Figure 3.

Distribution of the ratio between isoprene and its oxidation products MVK+MAC expressed as ratio between time since emission (t) and photochemical age (τ).

4.2. Fluxes Measured by Disjunct Eddy Covariance

[13] Figure 4 depicts diurnal fluxes measured by disjunct eddy covariance at the top of the 42 m tower between April 16 and May 5, 2003. During 4 days within this period, gradient measurements were performed. General aspects of disjunct sampling strategies have been described in detail elsewhere [Rinne et al., 2001; Karl et al., 2002a]. Mean (maximum) midday net fluxes were on the order of 0.13 (0.5), 0.08 (0.2), 0.09 (0.36), 1.35 (2.9), and 0.1 (0.33) mg m−2 h−1 for methanol, acetaldehyde, acetone, isoprene, and the sum of monoterpenes, respectively. The isoprene flux (1–3 mg mg m−2 h−1) is comparable to previous canopy scale measurements (2.5 mg m−2 h−1) at the same tower during the high-rain month of October 1999 using the relaxed eddy accumulation method [Geron et al., 2002] and followed the expected light and temperature dependence. A more detailed assessment of leaf level and canopy scale isoprene emissions will be presented elsewhere (J. Herrick et al., manuscript in preparation, 2004).

Figure 4.

Diurnal cycle of fluxes observed by eddy covariance. The gray area depicts the range observed at the site during 3 weeks of measurements.

[14] In contrast to leaf level measurements by Geron et al. [2002], who screened 20 common tree and liana species from this forest, the present study shows a significant release of monoterpenes with a total flux up to 0.33 mg m−2 h−1. Furthermore our observations of maximum fluxes (and concentrations) during daytime show that total monoterpene emissions are light- and temperature-dependent (Table 1). Kuhn et al. [2002a], for example, found that the tropical species Apeiba tibourbou mainly emitted sabinene, a-pinene, and b-pinene in a very similar light- and temperature-dependent fashion. Our canopy level observations confirm and generalize previous leaf level measurements of various tropical species. The total monoterpene flux inferred from our eddy covariance measurements (Figure 4) is also comparable to the sum of alpha and beta pinene fluxes observed above the Amazon by Rinne et al. [2002]. In addition, our in-canopy profiles suggest that at least part of the nighttime abundance was likely related to herbivory. A more detailed assessment of VOC emissions due to wounding will be presented elsewhere (J. Sparks et al., manuscript in preparation, 2004).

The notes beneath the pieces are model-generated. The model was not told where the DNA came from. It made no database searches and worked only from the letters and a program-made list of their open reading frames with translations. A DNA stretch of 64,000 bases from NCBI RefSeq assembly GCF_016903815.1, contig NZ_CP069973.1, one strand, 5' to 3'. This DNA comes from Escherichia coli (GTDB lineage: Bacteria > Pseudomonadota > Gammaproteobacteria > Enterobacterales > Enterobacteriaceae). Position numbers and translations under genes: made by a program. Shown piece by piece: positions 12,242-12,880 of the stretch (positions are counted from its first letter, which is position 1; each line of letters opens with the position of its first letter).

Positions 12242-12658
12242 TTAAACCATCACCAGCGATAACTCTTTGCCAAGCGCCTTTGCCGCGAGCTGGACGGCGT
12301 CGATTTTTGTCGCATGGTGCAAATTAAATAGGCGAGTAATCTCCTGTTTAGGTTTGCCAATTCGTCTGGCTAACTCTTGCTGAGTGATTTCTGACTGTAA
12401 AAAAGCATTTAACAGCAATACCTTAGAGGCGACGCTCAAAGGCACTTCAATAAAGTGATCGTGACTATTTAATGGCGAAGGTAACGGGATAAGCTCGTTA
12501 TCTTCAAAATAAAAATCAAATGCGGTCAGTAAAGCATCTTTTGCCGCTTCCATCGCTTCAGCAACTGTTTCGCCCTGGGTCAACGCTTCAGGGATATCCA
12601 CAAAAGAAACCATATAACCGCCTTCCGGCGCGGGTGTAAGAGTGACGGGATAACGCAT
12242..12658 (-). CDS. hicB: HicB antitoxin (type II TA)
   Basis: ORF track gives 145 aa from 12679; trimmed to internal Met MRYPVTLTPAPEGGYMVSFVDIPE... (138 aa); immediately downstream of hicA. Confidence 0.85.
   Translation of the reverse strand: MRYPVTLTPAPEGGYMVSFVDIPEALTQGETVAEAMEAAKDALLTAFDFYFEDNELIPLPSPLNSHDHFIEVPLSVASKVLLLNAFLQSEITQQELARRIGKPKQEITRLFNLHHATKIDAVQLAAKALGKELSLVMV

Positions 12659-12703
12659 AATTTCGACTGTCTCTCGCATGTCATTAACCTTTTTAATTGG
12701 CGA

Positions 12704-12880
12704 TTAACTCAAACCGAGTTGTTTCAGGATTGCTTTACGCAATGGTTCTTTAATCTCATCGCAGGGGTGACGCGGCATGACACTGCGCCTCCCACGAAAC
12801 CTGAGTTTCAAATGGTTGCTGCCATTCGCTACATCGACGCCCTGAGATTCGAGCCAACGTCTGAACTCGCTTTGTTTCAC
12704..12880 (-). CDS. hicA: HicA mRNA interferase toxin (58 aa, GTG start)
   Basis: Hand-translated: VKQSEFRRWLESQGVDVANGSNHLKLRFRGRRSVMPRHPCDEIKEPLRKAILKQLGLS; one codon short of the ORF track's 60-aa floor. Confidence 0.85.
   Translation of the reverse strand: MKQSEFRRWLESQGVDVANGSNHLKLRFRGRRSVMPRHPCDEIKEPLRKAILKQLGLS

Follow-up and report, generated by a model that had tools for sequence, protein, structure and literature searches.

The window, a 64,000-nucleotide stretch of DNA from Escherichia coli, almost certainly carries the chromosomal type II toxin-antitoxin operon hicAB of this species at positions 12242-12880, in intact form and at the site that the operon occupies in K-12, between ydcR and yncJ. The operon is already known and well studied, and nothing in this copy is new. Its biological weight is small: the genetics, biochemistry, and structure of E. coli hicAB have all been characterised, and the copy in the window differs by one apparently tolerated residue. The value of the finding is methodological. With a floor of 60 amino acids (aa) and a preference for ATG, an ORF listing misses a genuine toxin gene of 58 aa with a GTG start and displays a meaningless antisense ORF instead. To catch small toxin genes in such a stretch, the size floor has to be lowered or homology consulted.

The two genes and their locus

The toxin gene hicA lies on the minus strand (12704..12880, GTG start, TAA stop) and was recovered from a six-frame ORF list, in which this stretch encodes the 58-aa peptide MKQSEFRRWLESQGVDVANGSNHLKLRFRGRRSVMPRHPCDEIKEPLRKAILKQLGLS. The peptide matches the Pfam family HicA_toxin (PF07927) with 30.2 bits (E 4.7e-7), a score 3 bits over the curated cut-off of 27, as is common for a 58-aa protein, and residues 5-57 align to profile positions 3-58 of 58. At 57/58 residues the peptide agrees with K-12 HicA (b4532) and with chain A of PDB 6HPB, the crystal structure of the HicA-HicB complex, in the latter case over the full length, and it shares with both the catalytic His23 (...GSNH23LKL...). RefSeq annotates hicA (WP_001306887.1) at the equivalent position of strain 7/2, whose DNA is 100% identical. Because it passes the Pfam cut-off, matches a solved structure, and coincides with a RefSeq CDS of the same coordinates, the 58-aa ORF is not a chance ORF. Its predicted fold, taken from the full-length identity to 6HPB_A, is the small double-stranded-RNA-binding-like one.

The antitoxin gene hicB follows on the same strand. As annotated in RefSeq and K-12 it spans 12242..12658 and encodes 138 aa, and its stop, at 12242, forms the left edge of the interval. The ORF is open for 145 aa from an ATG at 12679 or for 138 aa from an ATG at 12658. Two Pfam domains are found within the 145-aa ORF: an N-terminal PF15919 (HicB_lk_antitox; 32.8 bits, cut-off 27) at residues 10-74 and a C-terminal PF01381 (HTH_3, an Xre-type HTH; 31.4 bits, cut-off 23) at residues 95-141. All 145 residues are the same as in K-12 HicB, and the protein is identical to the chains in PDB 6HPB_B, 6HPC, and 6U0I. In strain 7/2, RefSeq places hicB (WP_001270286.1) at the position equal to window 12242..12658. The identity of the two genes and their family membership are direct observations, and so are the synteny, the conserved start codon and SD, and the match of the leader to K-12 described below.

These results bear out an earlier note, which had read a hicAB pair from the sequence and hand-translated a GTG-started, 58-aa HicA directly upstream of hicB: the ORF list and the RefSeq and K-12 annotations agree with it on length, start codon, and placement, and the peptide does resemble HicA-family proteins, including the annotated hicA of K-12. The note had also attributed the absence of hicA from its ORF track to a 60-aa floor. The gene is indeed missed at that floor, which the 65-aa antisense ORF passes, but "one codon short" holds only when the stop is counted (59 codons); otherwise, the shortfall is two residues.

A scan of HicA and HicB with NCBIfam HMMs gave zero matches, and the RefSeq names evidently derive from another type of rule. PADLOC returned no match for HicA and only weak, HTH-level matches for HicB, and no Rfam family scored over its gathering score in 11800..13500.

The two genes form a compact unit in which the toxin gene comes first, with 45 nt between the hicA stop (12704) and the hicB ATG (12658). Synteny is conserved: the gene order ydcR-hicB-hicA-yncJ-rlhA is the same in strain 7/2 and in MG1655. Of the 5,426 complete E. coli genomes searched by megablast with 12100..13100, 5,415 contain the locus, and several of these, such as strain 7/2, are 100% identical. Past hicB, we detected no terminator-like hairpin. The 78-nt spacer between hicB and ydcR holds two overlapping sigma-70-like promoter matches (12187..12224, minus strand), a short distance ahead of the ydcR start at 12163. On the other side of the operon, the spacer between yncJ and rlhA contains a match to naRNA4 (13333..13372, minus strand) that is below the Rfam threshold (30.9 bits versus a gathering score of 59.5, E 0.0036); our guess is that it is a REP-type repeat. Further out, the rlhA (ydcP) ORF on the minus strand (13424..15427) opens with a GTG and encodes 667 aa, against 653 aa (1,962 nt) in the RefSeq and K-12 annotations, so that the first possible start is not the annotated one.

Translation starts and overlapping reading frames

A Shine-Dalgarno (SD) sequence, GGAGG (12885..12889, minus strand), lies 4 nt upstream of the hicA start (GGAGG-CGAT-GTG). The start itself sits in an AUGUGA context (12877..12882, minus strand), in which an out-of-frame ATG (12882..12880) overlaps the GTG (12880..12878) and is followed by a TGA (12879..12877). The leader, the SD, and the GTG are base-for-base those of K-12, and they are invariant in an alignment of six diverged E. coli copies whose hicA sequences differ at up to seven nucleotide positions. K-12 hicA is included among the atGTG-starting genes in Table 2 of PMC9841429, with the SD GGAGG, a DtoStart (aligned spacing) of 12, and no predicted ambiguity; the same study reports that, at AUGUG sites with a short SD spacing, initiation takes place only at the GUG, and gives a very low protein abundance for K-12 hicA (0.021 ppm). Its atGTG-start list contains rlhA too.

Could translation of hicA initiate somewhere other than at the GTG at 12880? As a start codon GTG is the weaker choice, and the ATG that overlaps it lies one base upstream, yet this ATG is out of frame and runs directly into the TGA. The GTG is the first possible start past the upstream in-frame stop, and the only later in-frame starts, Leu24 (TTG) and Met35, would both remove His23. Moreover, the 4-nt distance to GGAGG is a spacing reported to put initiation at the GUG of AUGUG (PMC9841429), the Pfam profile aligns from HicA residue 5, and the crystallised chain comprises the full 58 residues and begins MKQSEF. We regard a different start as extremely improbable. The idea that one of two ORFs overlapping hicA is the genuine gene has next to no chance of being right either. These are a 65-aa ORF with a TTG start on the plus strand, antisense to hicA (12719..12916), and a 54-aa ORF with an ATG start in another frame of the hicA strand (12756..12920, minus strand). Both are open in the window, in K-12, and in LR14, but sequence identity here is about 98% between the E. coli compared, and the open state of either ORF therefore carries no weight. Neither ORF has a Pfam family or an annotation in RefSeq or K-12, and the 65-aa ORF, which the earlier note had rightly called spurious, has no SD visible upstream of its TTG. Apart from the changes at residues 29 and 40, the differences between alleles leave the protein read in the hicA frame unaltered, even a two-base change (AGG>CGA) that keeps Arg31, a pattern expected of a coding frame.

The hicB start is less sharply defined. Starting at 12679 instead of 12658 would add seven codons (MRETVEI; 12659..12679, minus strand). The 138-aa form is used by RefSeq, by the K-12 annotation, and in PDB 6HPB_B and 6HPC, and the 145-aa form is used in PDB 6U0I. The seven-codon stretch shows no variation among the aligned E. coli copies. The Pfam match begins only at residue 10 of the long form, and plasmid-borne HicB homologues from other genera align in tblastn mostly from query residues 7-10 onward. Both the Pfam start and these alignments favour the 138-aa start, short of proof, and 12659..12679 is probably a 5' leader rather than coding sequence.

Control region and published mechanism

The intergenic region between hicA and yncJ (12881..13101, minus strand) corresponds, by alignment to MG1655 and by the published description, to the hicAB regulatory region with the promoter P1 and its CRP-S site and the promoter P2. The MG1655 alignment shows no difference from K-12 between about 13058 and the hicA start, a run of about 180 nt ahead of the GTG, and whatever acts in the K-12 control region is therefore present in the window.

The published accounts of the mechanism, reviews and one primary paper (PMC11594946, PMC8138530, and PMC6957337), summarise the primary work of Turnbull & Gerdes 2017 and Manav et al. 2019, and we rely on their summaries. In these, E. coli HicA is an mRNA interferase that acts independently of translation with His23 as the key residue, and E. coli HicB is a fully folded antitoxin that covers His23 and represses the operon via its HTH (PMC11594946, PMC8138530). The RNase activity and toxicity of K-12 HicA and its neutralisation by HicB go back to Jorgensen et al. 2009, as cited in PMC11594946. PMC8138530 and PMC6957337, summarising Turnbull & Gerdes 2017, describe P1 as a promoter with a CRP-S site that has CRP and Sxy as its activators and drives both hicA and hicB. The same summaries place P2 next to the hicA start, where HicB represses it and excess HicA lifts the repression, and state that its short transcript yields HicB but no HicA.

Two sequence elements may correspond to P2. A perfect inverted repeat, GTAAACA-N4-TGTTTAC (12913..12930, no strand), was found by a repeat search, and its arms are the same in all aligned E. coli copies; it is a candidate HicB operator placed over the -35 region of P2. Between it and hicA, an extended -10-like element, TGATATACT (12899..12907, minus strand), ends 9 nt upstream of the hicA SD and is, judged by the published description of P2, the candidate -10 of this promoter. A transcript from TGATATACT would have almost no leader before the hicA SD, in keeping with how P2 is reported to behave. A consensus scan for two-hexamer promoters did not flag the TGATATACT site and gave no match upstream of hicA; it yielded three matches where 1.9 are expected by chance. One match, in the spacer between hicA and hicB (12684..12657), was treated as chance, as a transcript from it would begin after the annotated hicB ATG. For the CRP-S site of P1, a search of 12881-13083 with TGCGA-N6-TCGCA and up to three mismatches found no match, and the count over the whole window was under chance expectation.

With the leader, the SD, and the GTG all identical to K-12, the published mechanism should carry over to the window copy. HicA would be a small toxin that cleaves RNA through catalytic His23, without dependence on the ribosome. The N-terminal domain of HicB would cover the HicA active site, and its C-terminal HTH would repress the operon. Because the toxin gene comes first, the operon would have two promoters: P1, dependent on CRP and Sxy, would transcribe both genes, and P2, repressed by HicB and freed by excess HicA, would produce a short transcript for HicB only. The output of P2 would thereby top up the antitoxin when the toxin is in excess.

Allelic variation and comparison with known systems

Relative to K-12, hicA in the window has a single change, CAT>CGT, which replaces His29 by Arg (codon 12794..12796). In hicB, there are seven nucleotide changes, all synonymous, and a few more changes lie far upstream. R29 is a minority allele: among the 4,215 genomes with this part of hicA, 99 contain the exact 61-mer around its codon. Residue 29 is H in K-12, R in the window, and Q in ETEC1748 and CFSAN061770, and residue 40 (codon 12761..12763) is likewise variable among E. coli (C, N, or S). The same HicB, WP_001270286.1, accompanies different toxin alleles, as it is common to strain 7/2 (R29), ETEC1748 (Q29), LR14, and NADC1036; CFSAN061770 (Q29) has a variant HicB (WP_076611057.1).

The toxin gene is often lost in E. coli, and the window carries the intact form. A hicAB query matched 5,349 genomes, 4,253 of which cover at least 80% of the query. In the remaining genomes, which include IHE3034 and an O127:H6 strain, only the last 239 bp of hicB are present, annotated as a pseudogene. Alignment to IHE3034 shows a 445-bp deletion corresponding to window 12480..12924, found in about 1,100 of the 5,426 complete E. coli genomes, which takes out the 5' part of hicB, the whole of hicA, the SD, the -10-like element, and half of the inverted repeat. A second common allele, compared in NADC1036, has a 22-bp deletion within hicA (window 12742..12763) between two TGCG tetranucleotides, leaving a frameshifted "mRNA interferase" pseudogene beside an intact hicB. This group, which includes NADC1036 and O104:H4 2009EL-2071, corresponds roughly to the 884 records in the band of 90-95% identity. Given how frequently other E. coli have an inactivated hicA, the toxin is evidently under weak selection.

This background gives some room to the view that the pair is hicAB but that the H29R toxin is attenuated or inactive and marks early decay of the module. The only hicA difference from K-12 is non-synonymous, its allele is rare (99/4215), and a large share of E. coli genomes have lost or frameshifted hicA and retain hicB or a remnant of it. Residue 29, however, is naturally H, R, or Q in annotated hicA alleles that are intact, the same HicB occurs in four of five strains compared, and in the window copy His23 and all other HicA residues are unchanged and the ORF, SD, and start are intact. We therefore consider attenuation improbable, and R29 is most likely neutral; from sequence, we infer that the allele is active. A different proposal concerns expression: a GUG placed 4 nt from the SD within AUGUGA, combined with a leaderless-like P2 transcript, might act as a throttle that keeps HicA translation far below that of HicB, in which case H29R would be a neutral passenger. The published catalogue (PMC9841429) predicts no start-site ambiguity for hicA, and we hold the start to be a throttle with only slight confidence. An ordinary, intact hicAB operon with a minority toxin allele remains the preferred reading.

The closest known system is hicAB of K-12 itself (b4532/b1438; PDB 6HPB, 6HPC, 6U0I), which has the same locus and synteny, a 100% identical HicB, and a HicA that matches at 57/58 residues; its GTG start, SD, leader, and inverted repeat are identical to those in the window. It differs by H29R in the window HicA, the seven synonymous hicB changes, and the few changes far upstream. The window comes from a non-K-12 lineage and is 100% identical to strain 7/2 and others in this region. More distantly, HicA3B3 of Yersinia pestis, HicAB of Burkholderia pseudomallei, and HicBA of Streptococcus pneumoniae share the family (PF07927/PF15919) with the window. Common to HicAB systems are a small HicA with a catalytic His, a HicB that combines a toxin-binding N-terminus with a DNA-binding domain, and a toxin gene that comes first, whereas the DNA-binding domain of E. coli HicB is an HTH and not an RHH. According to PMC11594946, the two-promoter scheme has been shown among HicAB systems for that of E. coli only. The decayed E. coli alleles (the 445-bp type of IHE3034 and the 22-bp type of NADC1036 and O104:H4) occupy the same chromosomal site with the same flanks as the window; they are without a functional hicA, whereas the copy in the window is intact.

Table 1. Temperature- and Light-Dependent Emission Parameters as Well as the Linear Regression Parameters (FVOC = AwT × wT + BwT) With Respect to Sensible Heat Fluxes, the Estimated Total Emission as a Fraction of the NEE of CO2-C Estimated for the La Selva Forest in 1999 by Eddy Covariance [Loescher et al., 2003], and Extrapolated Yearly Emissions for Tropical Forests
 β, K−1E0, g m−2 h−1AwT, g W−1 h−1BwT, g m−2 h−1ErrorRPercent NEESource, Tg yr−1
  • a

    The light and temperature dependence was modeled according to E(PAR, T) = equation image, with x = equation image/0.00831.

  • b

    Temperature dependence from Geron et al. [2002] and J. Herrick et al. (manuscript in preparation, 2004).

  • c

    Temperature dependence taken from the whole canopy parameterization used by Guenther et al. [1995] and Guenther [1997].

 αa [PAR−1]Cl × E0a      
Total      3.1–5.5120–250

[15] Acetone fluxes obtained from the current study (maximum: 0.36 mg m−2 h−1) are substantially lower than those reported by Geron et al. [2002], who found emissions up to 2.2 mg m−2 h−1. Similarly we observed methanol fluxes that were a factor of 3 lower compared to those measured by Geron et al. [2002], but additional eddy flux measurements are required to determine if these differences are due to seasonal variations or because of the small number of wet season samples and the relatively large uncertainties associated with the cartridge REA measurements. Seasonal variations in net fluxes of acetone and methanol could be due to changes in ecosystem function or a result of increased deposition from regional biomass burning during the dry season. Our measurements (both DEC and the ILT method) suggest that acetone is predominantly emitted during daytime, in contrast with observations by Andreae et al. [2002], who report deposition fluxes of acetone of 232 ng m−2 s−1 during the day. Assuming no biogenic acetone emissions and taking typical acetone concentrations observed in the tropics between 0.8 to 3 ppbv [Kesselmeier et al., 2002b; Poeschl et al., 2001, this work], these values would correspond to deposition velocities on the order of 3–12 cm/s and would be as fast as those of nitric acid. Even though the total canopy flux of acetaldehyde is comparable to acetone, the gradient measurements (see next section) show quite different emission patterns between these two carbonyl compounds.